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Swords and Sabers

The Madison Historical Society has an impressive collection of swords and sabers once proudly owned by Madison men from the 1770s to the late 1800s. They are still shiny, and some have embossed or inlaid designs on their blades.

As military weapons, they illustrate the skill and artistry of their makers and their potential lethality in the expert hands of a trained soldier. They also frequently reveal information about their owners and their personal stories. We are lucky to know who owned most of the sabers in our collection — and we might even know what the owner looked like.

One of the weapons, for example, belonged to Col. Jonathan S. Wilcox (1791-1875), who owned the house across from the green at 558 Boston Post Road. At the age of only 33, Wilcox took part in the 1824 reception party for the Revolutionary War hero, the Marquis de Lafayette. At the festivities on the green, Col. Wilcox wore the very saber in the Madison Historical Society’s collection.

He later owned a store in town, was president of the town's Total Abstinence Society, and, in 1849, was president of the Connecticut State Democratic Convention. He opposed the Civil War, which he called suicidal and bloody, and was hostile toward abolitionists. He contributed to the American Colonization Society, which arranged for free black Americans to emigrate back to Africa, specifically to the new colony of Liberia. A pious member of the Congregational Church, he sometimes attended three different sermons on Sundays. More than just steel, brass, and wood, his saber evokes an intriguing and complicated personal story.

Another saber in our collection evokes only mystery. It is ornate — almost ceremonial — with gilded engraving on the blade and an ivory grip, capped with a brass eagle head. In 1980, the donor, Mrs. Everett Warren, reported that her father, Capt. Edward M. Willard, carried it in the Civil War — and that it had also been used earlier, in the War of 1812. Its design and condition attest to that age, but we have no other record of Edward. Could a person alive in 1980 really have a father who served in the Civil War? It’s possible — the last Civil War veteran died in 1956 at 106. Or could the owner actually have been Warren’s grandfather? If so, then who used it in 1812? It certainly seems to have been used in combat; its blade has several triangular nicks as if it had been damaged in dueling. But for now, this relic simply hangs in our museum, teasing us to learn more about its history.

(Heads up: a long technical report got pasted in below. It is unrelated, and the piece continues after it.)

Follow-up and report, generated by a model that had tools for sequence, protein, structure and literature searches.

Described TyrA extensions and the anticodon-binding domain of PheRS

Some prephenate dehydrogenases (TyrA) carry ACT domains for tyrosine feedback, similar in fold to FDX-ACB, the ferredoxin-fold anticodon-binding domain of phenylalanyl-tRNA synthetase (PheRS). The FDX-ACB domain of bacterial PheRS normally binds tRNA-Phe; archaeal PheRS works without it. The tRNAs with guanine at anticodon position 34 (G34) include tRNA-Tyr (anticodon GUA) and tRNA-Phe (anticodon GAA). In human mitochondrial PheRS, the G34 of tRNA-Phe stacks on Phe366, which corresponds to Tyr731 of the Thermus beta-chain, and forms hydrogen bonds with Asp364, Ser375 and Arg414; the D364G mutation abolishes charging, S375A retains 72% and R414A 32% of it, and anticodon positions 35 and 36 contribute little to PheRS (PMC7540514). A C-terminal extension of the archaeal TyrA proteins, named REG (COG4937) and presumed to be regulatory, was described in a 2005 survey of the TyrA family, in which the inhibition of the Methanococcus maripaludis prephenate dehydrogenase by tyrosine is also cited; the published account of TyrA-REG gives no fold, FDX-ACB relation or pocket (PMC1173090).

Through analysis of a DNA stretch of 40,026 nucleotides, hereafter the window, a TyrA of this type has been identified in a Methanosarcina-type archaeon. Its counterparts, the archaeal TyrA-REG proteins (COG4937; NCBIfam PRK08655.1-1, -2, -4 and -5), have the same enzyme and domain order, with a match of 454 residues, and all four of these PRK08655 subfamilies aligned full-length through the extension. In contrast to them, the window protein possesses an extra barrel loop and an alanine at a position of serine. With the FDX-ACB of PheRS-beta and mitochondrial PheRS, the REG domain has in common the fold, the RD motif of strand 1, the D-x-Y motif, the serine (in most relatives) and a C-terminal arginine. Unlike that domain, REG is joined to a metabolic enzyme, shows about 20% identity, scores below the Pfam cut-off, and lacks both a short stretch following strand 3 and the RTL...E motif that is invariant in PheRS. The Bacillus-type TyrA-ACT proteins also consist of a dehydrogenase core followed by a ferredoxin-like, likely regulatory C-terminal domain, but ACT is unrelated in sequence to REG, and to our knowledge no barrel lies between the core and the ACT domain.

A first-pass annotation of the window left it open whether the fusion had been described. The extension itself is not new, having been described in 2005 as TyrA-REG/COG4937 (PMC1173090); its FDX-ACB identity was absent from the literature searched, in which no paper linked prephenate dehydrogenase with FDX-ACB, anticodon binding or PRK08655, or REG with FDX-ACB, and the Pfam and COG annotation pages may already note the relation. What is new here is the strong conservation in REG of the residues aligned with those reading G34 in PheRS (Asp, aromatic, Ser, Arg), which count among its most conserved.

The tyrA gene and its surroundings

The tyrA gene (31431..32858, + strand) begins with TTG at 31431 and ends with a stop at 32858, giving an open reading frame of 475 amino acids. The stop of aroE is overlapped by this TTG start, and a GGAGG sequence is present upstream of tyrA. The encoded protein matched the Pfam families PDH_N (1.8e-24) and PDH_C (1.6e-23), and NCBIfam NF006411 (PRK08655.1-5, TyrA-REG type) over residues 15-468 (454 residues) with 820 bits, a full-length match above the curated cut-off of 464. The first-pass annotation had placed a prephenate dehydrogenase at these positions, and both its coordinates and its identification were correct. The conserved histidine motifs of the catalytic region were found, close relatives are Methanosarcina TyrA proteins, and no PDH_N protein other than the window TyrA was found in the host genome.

Capt. Daniel Hand (1732-1816), the grandfather of Madison’s great philanthropist and namesake of our high school, served in the Revolutionary War, using another saber in our collection. He commanded the 6th company of 102 men under Col. Andrew Ward in the Long Island campaign. His saber is a simple design with elaborate gilded engraved graphics on the blade and a gilded brass and leather handle. Since we only have a silhouette image of the captain, this handsome saber must represent him well — and it does.

Nowadays, military swords and sabers are strictly ceremonial. Think of those U.S. Marine commercials, for instance. The Society’s collection harks back to a time when these tools were actually used as weapons. It is simple enough to appreciate the design and manufacturing excellence of these artifacts, but real insight comes with the recognition of the personalities who employed these glorious tools in defense of our country. We may mourn the loss of our handy penknives when we pass through airport security, but imagine what these old sword-bearers would think of our pride in our little trinkets. But then, they couldn’t fly — and we can.

To see additional swords, sabers, and other weaponry at the Society’s Allis-Bushnell House, visit the MHS Flickr page. To see additional swords, sabers, and other weaponry at the society’s Allis-Bushnell House, visit the MHS Flickr page at